Eshchar Ben-Shitrit grew up on a kibbutz where his mother ran the dairy farm. He observed the strong bond between cows and their calves, and this memory triggered something in him when he became a father four years ago.
“When my first son was born I felt it was not possible to eat meat anymore. I felt I’d be eating someone else’s child,” Ben-Shitrit tells ISRAEL21c. “I got obsessed with finding a solution for people who enjoy meat, like me, but don’t want to eat animals.”
Using professional expertise honed at printing companies including HP Indigo and Highcon, Ben-Shitrit quit his job earlier this year and founded Jet-Eat. Working with food scientists, he’s developing 3D printing technologies to produce plant-based “beef” with the approximate appearance, texture and mouth feel of cattle meat.
“We need to make a steak without killing a cow,” he says, pointing out that the 20,000 liters of water and 20 kilograms of feed necessary to produce 1 kilogram of meat is horribly inefficient and wasteful. In addition to using far less water and raw materials, his product would contain hardly any cholesterol, more fiber and none of the risks of contamination that come with fresh meat.
Ben-Shitrit’s technology is not the same as cultured or “clean” meat manufactured from live animal cells, although this is another rapidly advancing industry in Israel with startups including Jerusalem-based Future Meat Technologies and Tel Aviv-based Aleph Farms and SuperMeat.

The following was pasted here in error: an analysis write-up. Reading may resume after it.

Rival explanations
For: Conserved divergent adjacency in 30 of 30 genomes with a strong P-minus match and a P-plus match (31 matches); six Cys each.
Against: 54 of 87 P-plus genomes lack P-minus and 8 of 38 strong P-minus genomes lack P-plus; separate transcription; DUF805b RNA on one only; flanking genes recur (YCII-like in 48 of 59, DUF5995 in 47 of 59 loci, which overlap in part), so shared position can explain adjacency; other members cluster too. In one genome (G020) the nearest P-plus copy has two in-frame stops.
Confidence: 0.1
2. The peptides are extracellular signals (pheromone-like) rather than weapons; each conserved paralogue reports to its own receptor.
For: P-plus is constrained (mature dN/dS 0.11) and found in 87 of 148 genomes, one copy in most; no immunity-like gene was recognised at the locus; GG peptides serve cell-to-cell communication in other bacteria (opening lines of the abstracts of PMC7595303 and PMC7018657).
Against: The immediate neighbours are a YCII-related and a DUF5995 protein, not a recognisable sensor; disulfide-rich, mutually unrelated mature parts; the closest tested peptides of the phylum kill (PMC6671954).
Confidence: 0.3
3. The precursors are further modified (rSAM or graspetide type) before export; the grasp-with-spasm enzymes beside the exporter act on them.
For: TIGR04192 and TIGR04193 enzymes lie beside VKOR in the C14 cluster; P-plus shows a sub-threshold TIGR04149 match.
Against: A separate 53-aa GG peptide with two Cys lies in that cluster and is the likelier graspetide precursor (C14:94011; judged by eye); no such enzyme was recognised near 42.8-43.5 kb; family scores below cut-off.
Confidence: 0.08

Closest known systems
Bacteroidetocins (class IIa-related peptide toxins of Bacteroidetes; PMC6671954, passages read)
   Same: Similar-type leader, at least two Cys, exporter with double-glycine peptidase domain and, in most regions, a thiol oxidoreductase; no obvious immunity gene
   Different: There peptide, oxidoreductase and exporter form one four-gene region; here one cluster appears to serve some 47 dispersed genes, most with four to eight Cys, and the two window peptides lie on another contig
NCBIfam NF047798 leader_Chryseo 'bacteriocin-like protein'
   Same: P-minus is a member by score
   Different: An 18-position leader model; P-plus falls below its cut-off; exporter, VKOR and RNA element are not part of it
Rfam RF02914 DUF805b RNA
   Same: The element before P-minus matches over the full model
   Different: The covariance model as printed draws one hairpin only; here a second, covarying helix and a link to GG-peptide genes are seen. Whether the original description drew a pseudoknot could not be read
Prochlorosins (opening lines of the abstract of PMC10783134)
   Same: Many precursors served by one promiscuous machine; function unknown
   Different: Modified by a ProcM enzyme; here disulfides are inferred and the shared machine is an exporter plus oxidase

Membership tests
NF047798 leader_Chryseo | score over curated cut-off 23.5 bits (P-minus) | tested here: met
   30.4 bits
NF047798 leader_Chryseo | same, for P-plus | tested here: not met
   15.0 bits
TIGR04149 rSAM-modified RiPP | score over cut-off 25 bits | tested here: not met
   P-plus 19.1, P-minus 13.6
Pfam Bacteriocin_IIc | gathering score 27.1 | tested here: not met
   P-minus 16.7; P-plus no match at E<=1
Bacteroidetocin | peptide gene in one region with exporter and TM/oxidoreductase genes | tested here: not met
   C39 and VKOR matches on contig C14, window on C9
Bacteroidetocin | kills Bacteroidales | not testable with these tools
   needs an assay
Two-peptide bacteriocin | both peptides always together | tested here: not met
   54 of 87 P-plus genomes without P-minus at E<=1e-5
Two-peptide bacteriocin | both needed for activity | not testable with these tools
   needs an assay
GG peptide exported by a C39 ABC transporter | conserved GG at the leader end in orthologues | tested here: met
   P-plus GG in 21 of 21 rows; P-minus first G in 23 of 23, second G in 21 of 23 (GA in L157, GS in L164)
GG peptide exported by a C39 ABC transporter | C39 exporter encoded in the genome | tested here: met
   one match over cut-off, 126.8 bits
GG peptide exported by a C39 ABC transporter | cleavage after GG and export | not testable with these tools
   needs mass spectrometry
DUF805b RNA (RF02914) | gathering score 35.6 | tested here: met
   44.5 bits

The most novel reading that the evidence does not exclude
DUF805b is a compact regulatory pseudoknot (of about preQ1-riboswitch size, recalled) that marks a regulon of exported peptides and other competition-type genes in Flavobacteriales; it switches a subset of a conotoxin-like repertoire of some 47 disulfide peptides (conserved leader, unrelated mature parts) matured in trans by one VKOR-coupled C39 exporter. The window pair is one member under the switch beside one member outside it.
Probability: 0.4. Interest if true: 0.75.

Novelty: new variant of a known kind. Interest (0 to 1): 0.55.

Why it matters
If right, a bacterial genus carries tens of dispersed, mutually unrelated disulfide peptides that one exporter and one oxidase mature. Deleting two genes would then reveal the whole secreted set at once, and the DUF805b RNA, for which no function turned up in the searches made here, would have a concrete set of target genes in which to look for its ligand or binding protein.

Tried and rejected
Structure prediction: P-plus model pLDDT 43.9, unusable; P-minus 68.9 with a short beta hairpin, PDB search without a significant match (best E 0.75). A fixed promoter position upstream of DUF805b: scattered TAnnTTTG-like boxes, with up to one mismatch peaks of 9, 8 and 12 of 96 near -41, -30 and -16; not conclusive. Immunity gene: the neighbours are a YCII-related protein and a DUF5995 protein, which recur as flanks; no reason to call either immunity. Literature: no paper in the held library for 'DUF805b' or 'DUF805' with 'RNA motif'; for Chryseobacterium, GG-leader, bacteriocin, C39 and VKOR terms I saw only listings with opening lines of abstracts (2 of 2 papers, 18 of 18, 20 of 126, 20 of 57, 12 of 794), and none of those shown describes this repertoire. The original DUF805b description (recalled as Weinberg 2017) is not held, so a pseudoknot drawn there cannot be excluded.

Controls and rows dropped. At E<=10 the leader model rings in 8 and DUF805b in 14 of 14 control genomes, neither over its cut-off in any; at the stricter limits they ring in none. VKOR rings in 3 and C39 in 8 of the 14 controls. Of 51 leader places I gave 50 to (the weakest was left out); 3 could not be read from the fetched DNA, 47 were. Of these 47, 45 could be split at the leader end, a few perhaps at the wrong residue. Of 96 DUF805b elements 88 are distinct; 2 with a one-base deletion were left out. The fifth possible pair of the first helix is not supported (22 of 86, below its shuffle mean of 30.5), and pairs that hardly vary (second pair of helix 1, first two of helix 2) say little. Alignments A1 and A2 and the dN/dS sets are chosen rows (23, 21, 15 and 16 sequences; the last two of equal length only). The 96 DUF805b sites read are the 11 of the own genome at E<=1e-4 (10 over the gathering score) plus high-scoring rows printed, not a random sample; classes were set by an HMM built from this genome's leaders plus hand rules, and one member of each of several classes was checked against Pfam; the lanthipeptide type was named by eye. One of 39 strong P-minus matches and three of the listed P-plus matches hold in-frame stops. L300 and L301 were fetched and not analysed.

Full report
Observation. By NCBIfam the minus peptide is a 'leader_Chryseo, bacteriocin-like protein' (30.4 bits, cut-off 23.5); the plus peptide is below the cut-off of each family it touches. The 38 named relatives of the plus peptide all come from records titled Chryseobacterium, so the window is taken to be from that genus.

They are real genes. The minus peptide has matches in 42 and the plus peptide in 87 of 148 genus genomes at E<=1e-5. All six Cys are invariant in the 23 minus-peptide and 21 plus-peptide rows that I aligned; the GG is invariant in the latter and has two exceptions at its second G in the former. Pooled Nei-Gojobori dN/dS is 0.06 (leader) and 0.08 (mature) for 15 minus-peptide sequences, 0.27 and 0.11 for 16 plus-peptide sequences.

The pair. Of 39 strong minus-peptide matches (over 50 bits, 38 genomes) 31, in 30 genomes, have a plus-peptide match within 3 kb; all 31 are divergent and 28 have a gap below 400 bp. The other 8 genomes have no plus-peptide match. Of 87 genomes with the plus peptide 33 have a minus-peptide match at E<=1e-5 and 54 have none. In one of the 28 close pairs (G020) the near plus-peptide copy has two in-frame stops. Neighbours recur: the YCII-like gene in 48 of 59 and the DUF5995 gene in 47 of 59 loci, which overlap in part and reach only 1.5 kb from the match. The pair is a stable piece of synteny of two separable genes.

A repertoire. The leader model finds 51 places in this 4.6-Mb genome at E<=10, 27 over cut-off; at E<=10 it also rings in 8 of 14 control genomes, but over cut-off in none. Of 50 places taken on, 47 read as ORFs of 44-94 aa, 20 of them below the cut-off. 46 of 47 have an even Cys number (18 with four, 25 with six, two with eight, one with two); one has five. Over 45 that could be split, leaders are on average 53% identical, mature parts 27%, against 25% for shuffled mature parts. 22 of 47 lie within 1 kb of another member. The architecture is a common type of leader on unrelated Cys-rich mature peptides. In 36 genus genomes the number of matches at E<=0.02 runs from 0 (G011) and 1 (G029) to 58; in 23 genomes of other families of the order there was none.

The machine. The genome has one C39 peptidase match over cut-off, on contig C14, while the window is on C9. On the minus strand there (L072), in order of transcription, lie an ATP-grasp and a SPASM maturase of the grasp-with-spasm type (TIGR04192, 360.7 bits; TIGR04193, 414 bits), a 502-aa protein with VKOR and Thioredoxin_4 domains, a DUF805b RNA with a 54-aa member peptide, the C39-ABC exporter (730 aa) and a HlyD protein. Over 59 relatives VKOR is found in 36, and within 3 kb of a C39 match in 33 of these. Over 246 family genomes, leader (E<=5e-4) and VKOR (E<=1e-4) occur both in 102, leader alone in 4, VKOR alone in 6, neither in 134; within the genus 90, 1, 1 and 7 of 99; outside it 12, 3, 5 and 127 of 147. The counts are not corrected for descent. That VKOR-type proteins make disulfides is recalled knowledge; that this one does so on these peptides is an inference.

Let’s take a closer look at Jet-Eat and three other Israeli startups finding high-tech ways to cook up edibles from vegan meats to cakes.
Using individual ingredient cartridges of plant proteins, fats and other ingredients, Jet-Eat aims to print fresh vegan “meat” ready to join the food manufacturing supply chain. Adjusting the fat content and other parameters could yield ersatz ground round, roast, stew beef or steak.
“Our product has to have a high resemblance to meat in many properties. A steak is basically muscle, fat and blood in a complex structure that influences mouth feel and how it cooks. The flavor profile is connected to how the fat is marbled in the muscle and melts when you cook it,” says Ben-Shitrit.
“We need to emulate the chemical and physical properties and the structure. We’ve mapped a lot of these elements for our printing process.”
Ben-Shitrit, 34, grew his company in the European Institute of Technology accelerator at the Technion-Israel Institute of Technology in Haifa. Jet-Eat is backed by a few angel investors and is working toward its first big funding round.